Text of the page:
The European Court of Human Rights has begun considering whether states have violated their citizens’ human rights by failing to do enough to cut emissions.
The court, which is responsible for interpreting the European Convention on Human Rights, recently accepted two climate lawsuits with similar human rights arguments but brought by very different groups of people. Both cases argue that inaction by governments when it comes to limiting dangerous global warming risks basic rights such as health and life.
Experts say this shift in accepting these types of cases signals that judges are becoming more aware that climate change is a threat to human rights. And if the European Court of Human Rights links these two issues directly in a ruling, it would set an important legal precedent that could shape future climate lawsuits across the world.
“This could be very, very useful for other litigation processes that are happening in Europe but also worldwide [and also] for other regional human rights courts,” said Maria Alejandra Serra, associate legal counsel at Greenpeace International. “The European Convention of Human Rights is always referred to as a living instrument … so I’m hoping that it will adapt to this, that is one of the biggest challenges of our generation.”
The first case brought to the court in September is by a group of young activists from Portugal under the banner of #Youth4ClimateJustice. Four children and two young adults want the court to issue binding orders on 33 states — all 27 members of the EU as well as the UK, Norway, Russia, Turkey, Switzerland, and Ukraine — to adopt emissions cuts collectively consistent with the Paris Agreement’s 1.5°C warming target.
According to the latest Climate Transparency Report, the EU’s current ambitions are not enough to contribute its fair share of global greenhouse gas emissions cutting. Among other things, it says coal must be completely phased out in all the bloc’s states by 2030.
The second case brought in November is by a group of older Swiss women against Switzerland. Campaign group KlimaSeniorinnen and four individual women say they are particularly vulnerable because their health is at risk from heat waves exacerbated by climate change.
Research found that a serious heatwave that struck Europe in 2019 was made more likely and more intense by climate change, while studies of European cities have shown an increase in mortality for every degree of temperature increase.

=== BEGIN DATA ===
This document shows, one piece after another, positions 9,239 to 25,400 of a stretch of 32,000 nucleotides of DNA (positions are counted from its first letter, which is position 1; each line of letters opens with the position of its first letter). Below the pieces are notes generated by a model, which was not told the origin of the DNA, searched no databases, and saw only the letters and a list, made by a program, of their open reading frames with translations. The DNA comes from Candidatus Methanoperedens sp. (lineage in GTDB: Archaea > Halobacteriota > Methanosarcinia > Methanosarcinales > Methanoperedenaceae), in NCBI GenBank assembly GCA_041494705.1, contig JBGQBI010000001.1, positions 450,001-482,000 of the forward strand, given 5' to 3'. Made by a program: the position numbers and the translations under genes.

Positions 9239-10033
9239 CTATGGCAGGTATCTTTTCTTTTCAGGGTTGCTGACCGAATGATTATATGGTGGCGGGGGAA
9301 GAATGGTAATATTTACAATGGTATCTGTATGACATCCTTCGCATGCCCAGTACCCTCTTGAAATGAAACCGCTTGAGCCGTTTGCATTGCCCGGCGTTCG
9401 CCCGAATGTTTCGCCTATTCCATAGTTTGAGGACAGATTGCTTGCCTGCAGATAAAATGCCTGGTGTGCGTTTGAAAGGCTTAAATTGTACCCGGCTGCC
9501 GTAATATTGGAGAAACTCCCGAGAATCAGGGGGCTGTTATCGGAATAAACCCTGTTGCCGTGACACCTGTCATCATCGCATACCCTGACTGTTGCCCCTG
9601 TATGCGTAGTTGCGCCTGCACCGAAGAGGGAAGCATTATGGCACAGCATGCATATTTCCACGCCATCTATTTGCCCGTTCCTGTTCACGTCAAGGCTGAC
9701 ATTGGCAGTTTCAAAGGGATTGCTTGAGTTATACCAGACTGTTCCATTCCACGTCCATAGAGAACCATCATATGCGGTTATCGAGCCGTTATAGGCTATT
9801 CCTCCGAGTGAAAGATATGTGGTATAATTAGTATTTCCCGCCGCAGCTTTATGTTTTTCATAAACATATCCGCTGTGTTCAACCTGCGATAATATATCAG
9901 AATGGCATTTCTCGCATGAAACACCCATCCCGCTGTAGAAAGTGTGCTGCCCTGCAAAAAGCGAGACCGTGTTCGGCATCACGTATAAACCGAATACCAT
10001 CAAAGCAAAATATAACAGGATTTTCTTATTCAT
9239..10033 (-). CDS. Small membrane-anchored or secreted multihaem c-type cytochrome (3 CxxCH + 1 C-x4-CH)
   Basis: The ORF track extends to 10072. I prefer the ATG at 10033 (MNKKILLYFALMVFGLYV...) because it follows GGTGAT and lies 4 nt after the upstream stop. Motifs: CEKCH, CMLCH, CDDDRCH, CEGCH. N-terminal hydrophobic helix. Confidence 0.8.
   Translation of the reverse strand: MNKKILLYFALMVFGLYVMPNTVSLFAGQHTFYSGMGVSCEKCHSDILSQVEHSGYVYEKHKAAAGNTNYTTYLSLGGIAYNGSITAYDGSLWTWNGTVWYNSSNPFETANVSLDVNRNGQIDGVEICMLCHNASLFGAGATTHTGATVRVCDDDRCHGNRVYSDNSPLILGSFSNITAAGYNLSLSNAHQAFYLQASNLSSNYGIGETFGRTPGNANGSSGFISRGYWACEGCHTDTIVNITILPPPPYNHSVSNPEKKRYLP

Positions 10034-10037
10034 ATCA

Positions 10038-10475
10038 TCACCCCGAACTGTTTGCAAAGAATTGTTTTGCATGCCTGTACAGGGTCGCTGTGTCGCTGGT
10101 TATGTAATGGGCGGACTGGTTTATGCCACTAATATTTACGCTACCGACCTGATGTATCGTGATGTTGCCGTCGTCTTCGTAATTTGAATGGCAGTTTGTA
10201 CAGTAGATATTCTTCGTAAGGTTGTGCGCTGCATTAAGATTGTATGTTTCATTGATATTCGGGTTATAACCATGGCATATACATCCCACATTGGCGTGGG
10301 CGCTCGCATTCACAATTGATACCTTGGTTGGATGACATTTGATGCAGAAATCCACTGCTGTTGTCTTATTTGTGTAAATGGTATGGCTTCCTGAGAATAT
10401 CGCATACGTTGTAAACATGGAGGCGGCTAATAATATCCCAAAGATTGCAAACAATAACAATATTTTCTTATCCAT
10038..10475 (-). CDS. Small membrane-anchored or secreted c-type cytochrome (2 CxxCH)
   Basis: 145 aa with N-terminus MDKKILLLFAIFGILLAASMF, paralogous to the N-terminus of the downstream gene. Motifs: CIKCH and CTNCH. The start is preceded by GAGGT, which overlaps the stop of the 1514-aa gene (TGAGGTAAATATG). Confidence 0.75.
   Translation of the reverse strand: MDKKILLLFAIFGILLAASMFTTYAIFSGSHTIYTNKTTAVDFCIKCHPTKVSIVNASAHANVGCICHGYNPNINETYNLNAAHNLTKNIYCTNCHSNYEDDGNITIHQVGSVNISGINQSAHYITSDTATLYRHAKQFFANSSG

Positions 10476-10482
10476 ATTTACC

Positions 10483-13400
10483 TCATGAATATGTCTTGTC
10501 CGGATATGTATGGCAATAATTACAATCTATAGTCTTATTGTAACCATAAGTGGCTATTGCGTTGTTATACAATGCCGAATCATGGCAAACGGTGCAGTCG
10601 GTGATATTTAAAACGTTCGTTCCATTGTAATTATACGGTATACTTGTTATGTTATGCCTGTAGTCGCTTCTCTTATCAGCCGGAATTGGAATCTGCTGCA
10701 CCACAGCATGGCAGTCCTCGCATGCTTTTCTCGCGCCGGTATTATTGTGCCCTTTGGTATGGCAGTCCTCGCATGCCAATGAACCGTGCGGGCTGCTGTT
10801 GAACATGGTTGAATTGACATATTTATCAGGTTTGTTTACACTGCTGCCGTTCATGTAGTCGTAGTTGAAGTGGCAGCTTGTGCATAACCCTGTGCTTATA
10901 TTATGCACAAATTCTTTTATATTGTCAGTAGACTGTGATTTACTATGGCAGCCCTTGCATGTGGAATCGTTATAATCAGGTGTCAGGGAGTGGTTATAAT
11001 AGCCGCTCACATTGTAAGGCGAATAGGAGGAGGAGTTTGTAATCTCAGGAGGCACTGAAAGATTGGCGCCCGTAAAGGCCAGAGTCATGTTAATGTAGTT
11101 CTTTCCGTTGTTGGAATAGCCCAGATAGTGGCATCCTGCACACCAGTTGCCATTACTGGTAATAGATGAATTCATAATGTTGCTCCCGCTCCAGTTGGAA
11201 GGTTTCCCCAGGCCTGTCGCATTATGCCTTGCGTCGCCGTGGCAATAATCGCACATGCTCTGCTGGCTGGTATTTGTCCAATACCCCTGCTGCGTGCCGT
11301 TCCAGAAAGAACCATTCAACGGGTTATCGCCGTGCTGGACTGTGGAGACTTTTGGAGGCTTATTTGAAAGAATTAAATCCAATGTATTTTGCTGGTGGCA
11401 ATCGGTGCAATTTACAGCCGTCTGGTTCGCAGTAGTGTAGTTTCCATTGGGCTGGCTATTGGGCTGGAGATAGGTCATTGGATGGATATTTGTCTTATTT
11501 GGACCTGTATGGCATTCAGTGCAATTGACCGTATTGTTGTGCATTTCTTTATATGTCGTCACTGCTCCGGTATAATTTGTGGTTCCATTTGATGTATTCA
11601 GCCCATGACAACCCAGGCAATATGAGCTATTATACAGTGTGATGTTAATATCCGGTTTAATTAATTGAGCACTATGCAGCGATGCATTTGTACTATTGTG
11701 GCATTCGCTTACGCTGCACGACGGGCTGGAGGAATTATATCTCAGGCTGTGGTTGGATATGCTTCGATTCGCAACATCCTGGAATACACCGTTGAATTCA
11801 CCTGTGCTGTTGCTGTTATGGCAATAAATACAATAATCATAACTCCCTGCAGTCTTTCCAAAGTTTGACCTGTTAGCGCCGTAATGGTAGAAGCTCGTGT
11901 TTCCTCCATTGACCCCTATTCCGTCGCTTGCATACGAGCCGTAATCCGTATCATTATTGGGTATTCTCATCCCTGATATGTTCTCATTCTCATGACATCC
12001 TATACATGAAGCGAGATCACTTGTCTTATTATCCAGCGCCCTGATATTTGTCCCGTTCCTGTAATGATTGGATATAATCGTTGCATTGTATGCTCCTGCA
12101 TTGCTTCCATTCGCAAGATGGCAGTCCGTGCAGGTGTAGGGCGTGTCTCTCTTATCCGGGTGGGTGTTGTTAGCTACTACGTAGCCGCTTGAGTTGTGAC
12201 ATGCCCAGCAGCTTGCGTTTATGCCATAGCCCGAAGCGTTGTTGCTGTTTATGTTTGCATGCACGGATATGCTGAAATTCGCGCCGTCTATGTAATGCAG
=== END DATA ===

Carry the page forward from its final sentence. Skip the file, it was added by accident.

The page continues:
The claimants in both cases argue their rights under Article 2 — right to life — and Article 8 right to respect for private and family life — of the European Convention on Human Rights are being violated.
The European Court of Human Rights typically rejects most complaints it receives. So its recent acceptance of both lawsuits was considered a big move; and on top of that, it gave the Swiss case priority status. The decision was even more surprising in the Portuguese case since it did not pass all the court’s usual admissibility criteria, including having exhausted all national legal options first.
Serra at Greenpeace International, which is supporting the Swiss KlimaSeniorinnen, thinks they have a very strong case. “They have medical evidence in their favour and scientific evidence. They have exhausted every domestic remedy available to them. And also, the thing that influenced them getting priority status was their age, in that they have a limited time to assert their rights.”
During a recent speech at Goldsmiths University in London, Tim Eicke, a judge at the European Court of Human Rights, said “no issue is more pressing” than climate change. He noted that the court was not designed for environmental cases and had not yet made any rulings specifically about climate change. “It will not surprise you to hear that this has not, however, discouraged applicants from seeking to invoke the convention in the name of environmental protection.”
If the court finds in favour of the Portuguese youth or Swiss women, the court could order the relevant countries to address their human rights violations. But how that would happen in practice and how prescriptive it would be is still unclear.
The European Court of Human Rights’ approach contrasts with that of the EU Court of Justice, which is responsible for interpreting and upholding EU law.
In March, the Court of Justice dismissed a lawsuit called the People’s Climate Case on the grounds that the claimants did not have a right to challenge EU law. The case had been brought by ten families in Europe and indigenous Saami youth organisation Sáminuorra. They argued that the EU’s emissions cutting target was too low and that the bloc had failed to protect their human rights to life, health, occupation, and property.
Harriet Mackaill-Hill, governance policy coordinator at Climate Action Network (CAN) Europe which helped the families bring the case, said the Court of Justice’s interpretation of the law goes back fifty years to the “Plaumann test”. This only allows individuals to bring cases if they are uniquely affected by an issue rather than a collective. “In the 1960s this didn’t seem such a big problem; climate change wasn’t being brought in front of the court. [But] it means an individual or NGO right now cannot challenge acts that damage human beings or the planet, which is a problem.”
CAN Europe is very critical of the Court of Justice for not following the lead of the European Court of Human Rights, but will be watching the lawsuits that have been accepted closely.
Although it was always going to be unlikely that the court would accept the People’s Climate Case, Mackaill-Hill said the aim was to try to force it to change its interpretation. “It’s very difficult for NGOs to bring cases — it takes time and money — so you have to be pretty sure of yourself. But the court can change its jurisprudence. That’s why people keep trying.”